Women flogged publicly in ‘new’ Afghanistan

Afghan women’s organization RAWA says about this video:

Feb.18, 2010: According to reports by Afghan media, ordered by a local warlord called Fazl Ahad, two Afghan women were publicly flogged in Ghor province in Western Afghanistan.

Spokesman of Ghor’s Governor, Abdul Hai Khatibi said these women were forcibly married in Dolina district, but later they both ran away from their husbands’ houses. Police in Herat arrested the two in Chasht district while wearing men’s dresses. The women were then returned to their village and handed over to their husbands.

In light of a decree issued by local clerics, Khatibi said, the two women were subjected to 45 lashes each in public and they were flogged in presence of a large number of people. The footage of the scene was aired by some local Afghan TV channels. …

Deputy Dolina police chief Jahan Shah said to Pajhowk Afghan News that the two women were punished by a former jihadi commander named Fazl Ahad. …

Another police officer, who did not want to be named, said Fazl Ahad was involved in many such incidents. Tolo TV reported on Feb.18 that this warlord also flogged a man for having argument with a Mullah and imprisoned him in his private jail.

Remember George W. Bush’s Afghan war propaganda about supposedly bringing democracy and women’s rights to Afghanistan?

Nine years, many thousands of dead, still more thousands of wounded, still more thousands of refugees later, there is a government of warlords like Fazl Ahad, of corruption, of drugs trade, and of election fraud in Afghanistan as allies of NATO. To paraphrase the song by The Who “Won’t Get Fooled Again“: Meet the new boss, same as the old Taliban.

From Ireland:

The Galway Alliance Against War will mark International Women’s Day on Friday evening with a fundraiser for women organisations in Afghanistan, whose members risk life and limb on a daily basis to offer young girls an education. It has to be done in secret, as the ruling warlords, like the Taliban, oppose schools for girls. So, GAAW will hold a fundraiser for these women groups in Woodquay’s Rowing Club on Friday 5th March starting at 9pm. Admission to this ceili/disco is only €5.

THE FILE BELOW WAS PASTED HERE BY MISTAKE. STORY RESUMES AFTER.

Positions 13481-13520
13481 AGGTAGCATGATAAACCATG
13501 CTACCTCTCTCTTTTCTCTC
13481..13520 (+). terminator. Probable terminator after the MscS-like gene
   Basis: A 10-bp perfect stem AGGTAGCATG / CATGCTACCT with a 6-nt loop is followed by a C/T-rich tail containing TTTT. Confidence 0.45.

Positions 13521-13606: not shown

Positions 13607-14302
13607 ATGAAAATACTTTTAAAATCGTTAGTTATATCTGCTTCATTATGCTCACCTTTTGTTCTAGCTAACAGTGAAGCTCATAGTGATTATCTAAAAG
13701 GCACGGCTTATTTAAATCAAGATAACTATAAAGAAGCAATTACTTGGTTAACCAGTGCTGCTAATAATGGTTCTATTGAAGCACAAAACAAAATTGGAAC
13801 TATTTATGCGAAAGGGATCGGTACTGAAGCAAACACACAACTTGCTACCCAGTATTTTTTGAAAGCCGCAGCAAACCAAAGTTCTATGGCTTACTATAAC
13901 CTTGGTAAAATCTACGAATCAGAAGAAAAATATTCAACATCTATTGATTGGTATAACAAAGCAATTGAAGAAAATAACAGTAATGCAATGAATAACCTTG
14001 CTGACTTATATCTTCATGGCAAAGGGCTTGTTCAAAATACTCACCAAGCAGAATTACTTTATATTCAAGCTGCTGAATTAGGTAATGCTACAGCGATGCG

DEMONSTRATIONS will be staged in eight different countries today, from Britain and the United States to Poland and Italy, demanding the release of British soldier Joe Glenton, the first soldier in Europe to publicly refuse to fight in Afghanistan: here.

A hero of the anti-war movement has been jailed for refusing to fight in Afghanistan – while his boss boasted of writing a blank cheque for the illegal Iraq invasion: here.

3 thoughts on “Women flogged publicly in ‘new’ Afghanistan

  1. ‘Military link risk to aid workers’

    2:05am Wednesday 3rd March 2010

    © Press Association 2010

    Working alongside soldiers in Afghanistan is putting aid agency staff in “much more” danger, a charity said.

    Save the Children said its “impartiality” was being threatened by the link-up.

    The charity, which is launching a humanitarian appeal for Afghanistan, warned the UK and Nato’s current approach to the conflict was “blurring the lines” between military and humanitarian objectives – and putting the lives of aid workers and civilians in jeopardy.

    “Funding soldiers to carry out humanitarian work, such as rebuilding schools, threatens the impartiality of aid agencies working on the ground and makes it much more dangerous for us to operate in the country,” said Patrick Watt, Save the Children’s director of development policy. “It could also turn hospitals or schools, rebuilt with military help, into targets and put children’s lives at risk.”